Keypoint Detection (Szeliski 2010, Ch.4) is about finding points of interest in an image that are most noticeable and give a unique description of the local area surrounding them. Computer Vision research produced various kinds of keypoints, most prominently SIFT (Lowe 2004). For evaluating the performance of these algorithms, 12 prints of the Shūchin Bukan (袖珍武鑑) were manually annotated, in total around 1800 pages, holding information about pairs of matching pages.

Using these annotations, six keypoint algorithms were empirically evaluated1 by trying to match over all possible page combinations. This produces a list of similar keypoint pairs for each combination. The number of these pairs is interpreted as score for the similarity of two pages. Two pages are matched if the score is above a given threshold. On the one hand, a low threshold results in more matches (higher recall), but a larger part is judged incorrectly. On the other hand, a high threshold yields a larger percentage of correct matches (higher precision), misclassifying actual matches at the same time. Using the annotations, precision and recall were calculated for a range of thresholds. At this point, AKAZE UPRIGHT has the best performance with both metrics around 0.8 for an optimal threshold value. See figure 2 for further details.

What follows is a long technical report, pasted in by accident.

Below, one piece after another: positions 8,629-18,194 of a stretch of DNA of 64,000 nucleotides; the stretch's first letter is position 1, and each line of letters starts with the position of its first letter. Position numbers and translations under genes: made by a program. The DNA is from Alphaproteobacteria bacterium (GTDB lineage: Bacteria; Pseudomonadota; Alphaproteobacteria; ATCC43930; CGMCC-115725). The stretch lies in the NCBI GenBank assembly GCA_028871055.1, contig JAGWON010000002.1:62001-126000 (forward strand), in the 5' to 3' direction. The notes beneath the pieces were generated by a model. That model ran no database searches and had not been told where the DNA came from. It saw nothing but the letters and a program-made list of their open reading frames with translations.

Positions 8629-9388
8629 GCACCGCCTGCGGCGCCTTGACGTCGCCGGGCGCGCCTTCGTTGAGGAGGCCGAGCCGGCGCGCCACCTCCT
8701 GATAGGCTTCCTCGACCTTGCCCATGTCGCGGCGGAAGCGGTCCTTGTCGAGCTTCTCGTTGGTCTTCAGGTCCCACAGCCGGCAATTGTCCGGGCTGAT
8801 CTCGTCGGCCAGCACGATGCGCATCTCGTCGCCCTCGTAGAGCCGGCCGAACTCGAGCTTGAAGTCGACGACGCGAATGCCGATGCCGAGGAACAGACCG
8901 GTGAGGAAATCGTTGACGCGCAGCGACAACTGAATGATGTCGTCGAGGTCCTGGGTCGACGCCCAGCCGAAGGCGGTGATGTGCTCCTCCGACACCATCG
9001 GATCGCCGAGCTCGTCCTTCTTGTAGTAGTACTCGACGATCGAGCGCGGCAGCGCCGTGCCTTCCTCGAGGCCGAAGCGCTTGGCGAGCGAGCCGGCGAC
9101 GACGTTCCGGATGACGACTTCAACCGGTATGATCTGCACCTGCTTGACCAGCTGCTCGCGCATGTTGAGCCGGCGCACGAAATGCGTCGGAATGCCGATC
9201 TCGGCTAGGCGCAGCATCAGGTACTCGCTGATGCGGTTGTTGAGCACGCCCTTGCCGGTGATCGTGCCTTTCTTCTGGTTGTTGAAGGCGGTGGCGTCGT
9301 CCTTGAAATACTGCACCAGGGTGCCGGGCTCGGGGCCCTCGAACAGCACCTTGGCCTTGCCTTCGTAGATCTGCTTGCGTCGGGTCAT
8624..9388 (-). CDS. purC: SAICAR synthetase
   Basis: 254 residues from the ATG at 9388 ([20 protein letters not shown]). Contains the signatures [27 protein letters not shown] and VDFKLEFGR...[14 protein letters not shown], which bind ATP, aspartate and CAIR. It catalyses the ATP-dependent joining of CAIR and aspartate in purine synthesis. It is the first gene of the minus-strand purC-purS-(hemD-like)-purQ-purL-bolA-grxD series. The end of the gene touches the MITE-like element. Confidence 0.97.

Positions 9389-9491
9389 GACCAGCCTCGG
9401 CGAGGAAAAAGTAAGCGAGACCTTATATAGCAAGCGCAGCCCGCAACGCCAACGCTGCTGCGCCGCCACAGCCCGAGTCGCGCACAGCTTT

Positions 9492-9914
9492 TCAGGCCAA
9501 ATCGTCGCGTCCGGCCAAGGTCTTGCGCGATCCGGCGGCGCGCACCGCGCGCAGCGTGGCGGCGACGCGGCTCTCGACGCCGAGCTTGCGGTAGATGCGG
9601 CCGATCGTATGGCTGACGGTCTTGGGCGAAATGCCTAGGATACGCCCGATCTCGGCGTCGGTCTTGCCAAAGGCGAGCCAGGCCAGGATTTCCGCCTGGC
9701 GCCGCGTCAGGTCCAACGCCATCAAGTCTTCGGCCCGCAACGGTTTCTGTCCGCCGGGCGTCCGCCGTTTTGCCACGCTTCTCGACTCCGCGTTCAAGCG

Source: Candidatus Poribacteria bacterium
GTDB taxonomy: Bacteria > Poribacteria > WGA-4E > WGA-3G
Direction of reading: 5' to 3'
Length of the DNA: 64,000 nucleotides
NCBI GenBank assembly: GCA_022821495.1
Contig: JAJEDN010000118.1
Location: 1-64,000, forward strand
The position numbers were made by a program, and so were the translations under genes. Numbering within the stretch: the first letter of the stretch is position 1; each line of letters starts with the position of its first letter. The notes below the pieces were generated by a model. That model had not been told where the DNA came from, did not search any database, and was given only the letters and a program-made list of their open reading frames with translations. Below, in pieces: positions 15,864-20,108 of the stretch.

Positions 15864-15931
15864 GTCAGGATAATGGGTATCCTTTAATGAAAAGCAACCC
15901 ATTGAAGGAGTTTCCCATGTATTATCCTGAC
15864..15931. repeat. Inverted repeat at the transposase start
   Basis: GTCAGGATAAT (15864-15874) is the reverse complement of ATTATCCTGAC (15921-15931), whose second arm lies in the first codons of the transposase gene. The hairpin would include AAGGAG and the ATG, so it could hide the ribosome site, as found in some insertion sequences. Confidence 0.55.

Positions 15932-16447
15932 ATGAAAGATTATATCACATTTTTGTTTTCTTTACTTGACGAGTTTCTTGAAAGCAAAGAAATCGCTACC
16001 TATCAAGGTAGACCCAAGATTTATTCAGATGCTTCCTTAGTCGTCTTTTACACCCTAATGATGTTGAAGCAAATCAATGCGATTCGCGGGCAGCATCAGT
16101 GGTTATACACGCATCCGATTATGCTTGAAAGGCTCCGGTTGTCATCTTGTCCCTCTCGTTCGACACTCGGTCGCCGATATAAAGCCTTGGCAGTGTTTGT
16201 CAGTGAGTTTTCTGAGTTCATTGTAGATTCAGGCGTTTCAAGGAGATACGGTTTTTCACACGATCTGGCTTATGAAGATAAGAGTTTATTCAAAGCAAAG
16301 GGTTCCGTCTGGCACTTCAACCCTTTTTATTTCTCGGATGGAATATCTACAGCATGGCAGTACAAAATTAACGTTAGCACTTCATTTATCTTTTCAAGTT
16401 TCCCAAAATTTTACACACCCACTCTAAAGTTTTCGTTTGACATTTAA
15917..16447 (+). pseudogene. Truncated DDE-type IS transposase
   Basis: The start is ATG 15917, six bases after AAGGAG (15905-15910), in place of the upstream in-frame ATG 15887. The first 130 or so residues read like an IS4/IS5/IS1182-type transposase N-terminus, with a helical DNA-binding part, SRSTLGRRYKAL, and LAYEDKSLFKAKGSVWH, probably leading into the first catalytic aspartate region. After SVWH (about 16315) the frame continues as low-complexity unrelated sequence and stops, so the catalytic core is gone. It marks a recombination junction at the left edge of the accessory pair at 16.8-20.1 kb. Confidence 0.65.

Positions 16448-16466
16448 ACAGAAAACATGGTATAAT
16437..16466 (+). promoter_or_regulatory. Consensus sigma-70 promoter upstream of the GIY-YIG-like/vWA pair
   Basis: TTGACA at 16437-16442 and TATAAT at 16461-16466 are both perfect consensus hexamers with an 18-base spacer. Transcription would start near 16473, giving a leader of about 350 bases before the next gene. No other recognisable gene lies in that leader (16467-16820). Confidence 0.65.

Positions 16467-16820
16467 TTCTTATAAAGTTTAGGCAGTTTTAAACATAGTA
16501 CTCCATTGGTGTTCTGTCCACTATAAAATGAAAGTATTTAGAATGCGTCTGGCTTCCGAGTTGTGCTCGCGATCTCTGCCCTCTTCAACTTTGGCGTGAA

Projective Transformations

Projective Transformation (or Homography) for images is defined as a matrix H ∈ R3 × 3 for transforming homogeneous coordinates Hx⃗ = y⃗ (x⃗ and y⃗ are interpolated pixel coordinates). This operation results in linear transformations like translation and rotation, but also changes in perspective (Marschner and Shirley 2015). For finding such a transformation from matching keypoints, the heuristic Random Sample Consensus (RANSAC) algorithm is commonly used (Fischler and Bolles 1981). Basically, a random subset of matching keypoints is chosen, using this to compute a transformation and calculating an error metric. By iteratively using different random subsets, eventually the transformation with the smallest error is picked.

The benefit is twofold: First, the algorithm implicitly uses spatial information of the matching image candidates to filter out false positives, thus greatly boosting the matching performance. Precision and recall are close to their maximum of 1.0, see figure 3. Secondly, it directly yields the transformation matrix H, enabling the creation of image overlays for visualizing the differences. Looking at the perspective components of H, additional filtering is done2, removing even more of the remaining false positives.

Fig. 3: Applying RANSAC on the keypoint matches from AKAZE UPRIGHT results in better matching results: The F1 score—see figure 2 (a)—is above 0.95 for a wide range of thresholds up to 80, indicated by the grey horizontal line.


This two-step-pipeline archives high precision and recall when looking for similar pages of different book editions. Performance seems to be robust with respect to most parameters. For matching two actual pages, the number of matching keypoints is important since it is acting as a score. Storing this value allows a ranking of page pairs by visual similarity. Furthermore, a threshold can be set dynamically, even after the computation of keypoint pairs. Assuming semi-automatic application with a human assessing the results, recall is of higher importance, thus a low threshold of around 40 is recommended, but can be adjusted any time. See again figure 3 for the slope of the recall curve.